Deep Six

I seem to have spoke too soon last week when I thought 2021 was off to a good start. We made it a mere six days after finally concluding a year the New Yorker referred to as The Plague Year. Right as last week’s newsletter went out, an angry mob was attacking the U.S. Capitol in Washington DC. Even though the event still angers me, I will refrain from talking about what happened because the intent of this newsletter has always been to bring joy and serve as an escape from all the bad things we’ve had to endure this past year. But I feel the least I could do is to acknowledge it happened.

Why an assault on architecture can be felt viscerally

Designers reimagine the U.S. Capitol as a brutalist fortress

Curators assess the damage to U.S. Capitol artworks and museums respond in the wake of mob attack

Following the breach of the Capital, there have been demands for the removal of the Architect of the Capitol

The Smithsonian was quick to collect ephemera from the event

How pin-back buttons became a place for self expression before social media

The origins of a flag used by everyone from Trump supporters to Nike

According to architects who specialize in equity and justice, these five books are essential on making cities anti-racist

MoMA’s Architecture and Design department effectively banned Black architects from its exhibitions until just last year

Currently on view are Gordon Parks’s images that focus on Black life and struggle in midcentury America

Also on view are Danny Lyon’s visions of a New York that no longer exists

Don’t forgot the federally employed artists

What leading designers, educators and writers want to see in 2021

An Indian artist combines photos and graphics to create soothing minimalist pieces

If his art were an apartment it would be this pastel one in Berlin

Ever wonder how the the pastel suburbs of ‘Edward Scissorhands’ were created?

A housing community in California features huge driveways and garages to accommodate the private airplanes of its residents

Fifty years ago a man hijacked a flight for a $200K ransom and then disappeared into the woods of Portland, Oregon after parachuting from the plane

Located in an Oregon forest is this black wood and glass home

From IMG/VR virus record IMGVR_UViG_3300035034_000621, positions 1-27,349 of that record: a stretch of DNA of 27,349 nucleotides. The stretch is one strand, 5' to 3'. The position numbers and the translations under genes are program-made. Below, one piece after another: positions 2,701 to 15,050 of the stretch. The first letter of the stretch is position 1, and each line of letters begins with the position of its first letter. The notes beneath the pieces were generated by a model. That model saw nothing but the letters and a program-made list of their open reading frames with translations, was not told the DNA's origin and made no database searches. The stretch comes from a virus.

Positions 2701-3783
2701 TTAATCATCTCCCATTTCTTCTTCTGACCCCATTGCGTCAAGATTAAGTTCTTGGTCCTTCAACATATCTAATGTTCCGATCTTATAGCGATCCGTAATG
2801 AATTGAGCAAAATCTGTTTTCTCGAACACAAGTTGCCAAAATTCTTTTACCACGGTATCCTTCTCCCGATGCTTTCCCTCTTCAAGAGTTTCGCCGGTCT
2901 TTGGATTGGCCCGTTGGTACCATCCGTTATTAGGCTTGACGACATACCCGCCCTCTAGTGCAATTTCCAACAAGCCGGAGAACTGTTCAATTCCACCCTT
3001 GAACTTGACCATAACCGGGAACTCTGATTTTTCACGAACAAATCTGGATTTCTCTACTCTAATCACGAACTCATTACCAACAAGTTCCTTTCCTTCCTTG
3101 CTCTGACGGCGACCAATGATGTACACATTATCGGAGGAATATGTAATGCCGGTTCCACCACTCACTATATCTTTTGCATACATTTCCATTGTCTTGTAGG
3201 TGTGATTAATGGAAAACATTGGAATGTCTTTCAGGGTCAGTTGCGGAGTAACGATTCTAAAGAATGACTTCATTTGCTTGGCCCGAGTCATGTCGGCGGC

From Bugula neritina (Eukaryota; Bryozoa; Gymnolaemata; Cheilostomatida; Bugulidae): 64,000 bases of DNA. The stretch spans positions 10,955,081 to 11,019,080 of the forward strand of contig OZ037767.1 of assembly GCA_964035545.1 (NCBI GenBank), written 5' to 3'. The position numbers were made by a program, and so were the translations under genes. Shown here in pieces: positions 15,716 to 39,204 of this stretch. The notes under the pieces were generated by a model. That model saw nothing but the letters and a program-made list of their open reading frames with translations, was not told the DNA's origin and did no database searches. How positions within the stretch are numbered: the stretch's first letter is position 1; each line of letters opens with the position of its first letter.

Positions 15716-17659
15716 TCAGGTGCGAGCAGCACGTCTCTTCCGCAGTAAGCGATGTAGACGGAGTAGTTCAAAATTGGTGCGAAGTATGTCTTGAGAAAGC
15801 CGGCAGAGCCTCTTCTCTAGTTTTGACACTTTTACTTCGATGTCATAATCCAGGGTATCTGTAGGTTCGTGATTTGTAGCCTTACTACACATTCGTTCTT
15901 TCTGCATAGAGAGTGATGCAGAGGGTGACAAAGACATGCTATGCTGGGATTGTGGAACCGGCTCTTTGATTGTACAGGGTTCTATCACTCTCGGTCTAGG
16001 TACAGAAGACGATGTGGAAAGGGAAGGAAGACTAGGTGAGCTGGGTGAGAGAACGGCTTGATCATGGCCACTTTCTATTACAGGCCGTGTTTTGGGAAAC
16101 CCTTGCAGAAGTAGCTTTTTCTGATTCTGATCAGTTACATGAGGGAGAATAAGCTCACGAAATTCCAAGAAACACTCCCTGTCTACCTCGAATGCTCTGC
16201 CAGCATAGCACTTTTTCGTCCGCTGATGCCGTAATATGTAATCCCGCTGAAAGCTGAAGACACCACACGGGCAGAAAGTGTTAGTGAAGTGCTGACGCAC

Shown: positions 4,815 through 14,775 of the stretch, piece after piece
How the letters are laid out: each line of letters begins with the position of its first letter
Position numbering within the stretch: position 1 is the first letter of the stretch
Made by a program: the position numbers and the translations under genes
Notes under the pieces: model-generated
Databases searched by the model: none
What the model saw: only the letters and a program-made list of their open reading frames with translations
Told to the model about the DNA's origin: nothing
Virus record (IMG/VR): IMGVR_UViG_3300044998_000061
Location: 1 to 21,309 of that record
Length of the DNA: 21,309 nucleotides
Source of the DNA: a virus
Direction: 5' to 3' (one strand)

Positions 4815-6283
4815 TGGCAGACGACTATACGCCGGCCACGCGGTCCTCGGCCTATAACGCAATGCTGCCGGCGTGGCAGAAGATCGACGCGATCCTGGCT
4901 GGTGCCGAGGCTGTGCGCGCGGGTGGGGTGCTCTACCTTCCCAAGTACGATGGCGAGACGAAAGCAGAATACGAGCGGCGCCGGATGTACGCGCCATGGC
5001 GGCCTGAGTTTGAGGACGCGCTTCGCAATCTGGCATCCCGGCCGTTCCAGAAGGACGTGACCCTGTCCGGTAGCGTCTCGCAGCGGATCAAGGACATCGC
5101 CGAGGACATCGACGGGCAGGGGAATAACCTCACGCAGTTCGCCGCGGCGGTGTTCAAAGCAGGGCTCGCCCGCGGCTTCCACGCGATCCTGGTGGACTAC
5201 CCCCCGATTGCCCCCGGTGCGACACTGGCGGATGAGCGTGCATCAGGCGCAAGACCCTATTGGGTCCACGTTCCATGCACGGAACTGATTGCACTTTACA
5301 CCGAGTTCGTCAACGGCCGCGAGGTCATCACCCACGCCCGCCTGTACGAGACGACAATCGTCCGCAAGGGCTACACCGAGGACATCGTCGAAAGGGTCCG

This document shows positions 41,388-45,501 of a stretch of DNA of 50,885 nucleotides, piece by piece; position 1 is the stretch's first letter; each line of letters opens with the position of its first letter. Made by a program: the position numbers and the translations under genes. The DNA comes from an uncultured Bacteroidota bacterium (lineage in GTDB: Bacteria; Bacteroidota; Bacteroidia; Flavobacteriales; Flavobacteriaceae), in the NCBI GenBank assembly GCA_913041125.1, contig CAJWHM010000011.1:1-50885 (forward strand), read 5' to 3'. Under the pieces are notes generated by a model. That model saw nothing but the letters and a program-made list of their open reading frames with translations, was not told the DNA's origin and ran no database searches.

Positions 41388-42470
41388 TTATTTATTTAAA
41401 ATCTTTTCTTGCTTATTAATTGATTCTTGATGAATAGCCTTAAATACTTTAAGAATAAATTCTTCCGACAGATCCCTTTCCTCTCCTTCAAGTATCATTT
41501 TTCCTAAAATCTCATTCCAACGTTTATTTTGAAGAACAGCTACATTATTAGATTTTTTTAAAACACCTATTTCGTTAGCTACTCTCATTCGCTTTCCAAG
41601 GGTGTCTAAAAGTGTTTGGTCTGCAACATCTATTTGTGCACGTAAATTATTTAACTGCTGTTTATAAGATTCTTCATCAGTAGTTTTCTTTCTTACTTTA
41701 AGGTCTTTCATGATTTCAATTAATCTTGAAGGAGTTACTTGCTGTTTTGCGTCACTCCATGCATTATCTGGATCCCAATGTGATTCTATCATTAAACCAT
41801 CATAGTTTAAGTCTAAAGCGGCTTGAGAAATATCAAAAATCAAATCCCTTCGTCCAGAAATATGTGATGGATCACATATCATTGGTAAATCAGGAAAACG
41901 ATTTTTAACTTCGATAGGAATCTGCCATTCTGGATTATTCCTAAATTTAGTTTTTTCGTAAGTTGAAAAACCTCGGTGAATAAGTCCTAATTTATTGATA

This wooden cabin is in a Chilean forest

The Bali jungle is where you can find this concrete and bamboo villa

This pair of rusted steel cabins is in the middle of Joshua Tree desert in California

In upstate New York, six shipping containers were combined into a single family home

Watch a man in Australia secretly build his wife a Covid shed

Also in Australia is this rentable home in the Byron Hinterland, this midcentury home in Suffolk, this sustainable home in Victoria’s Hepburn Shire and this home of two architects living in Victoria

For $8M you can live in architect I.M. Pei’s former New York City home

Let’s revisit some of I.M. Pei’s most iconic buildings

The Seoul Photographic Art Museum is the world's biggest camera

Alain de Botton says most “nice architecture” was built before 1900

Why being creative is good for you and why finding time for it will give you respite from worries

Meet the creative NYC shop owners setting trends amidst the pandemic

Since we’re talking about shops in NYC, I’d like to mention a personal favorite, Nalata/Nalata

The Metropolitan Museum of Art just released an augmented reality phone experience that lets you explore its galleries and here’s one user’s amusing experience

I personally think this computer generated jellyfish project is way more fun

I mentioned The Social Dilemma last week and then was sent this interview with the director (thanks Tim)

And since this newsletter is hosted by Substack, I feel it’s only appropriate to share a New Yorker article on the very topic

That brings this week’s newsletter to a close. Thank you all for reading.

Feel free to say hello at capa@bloodandchampagne.com

Thomas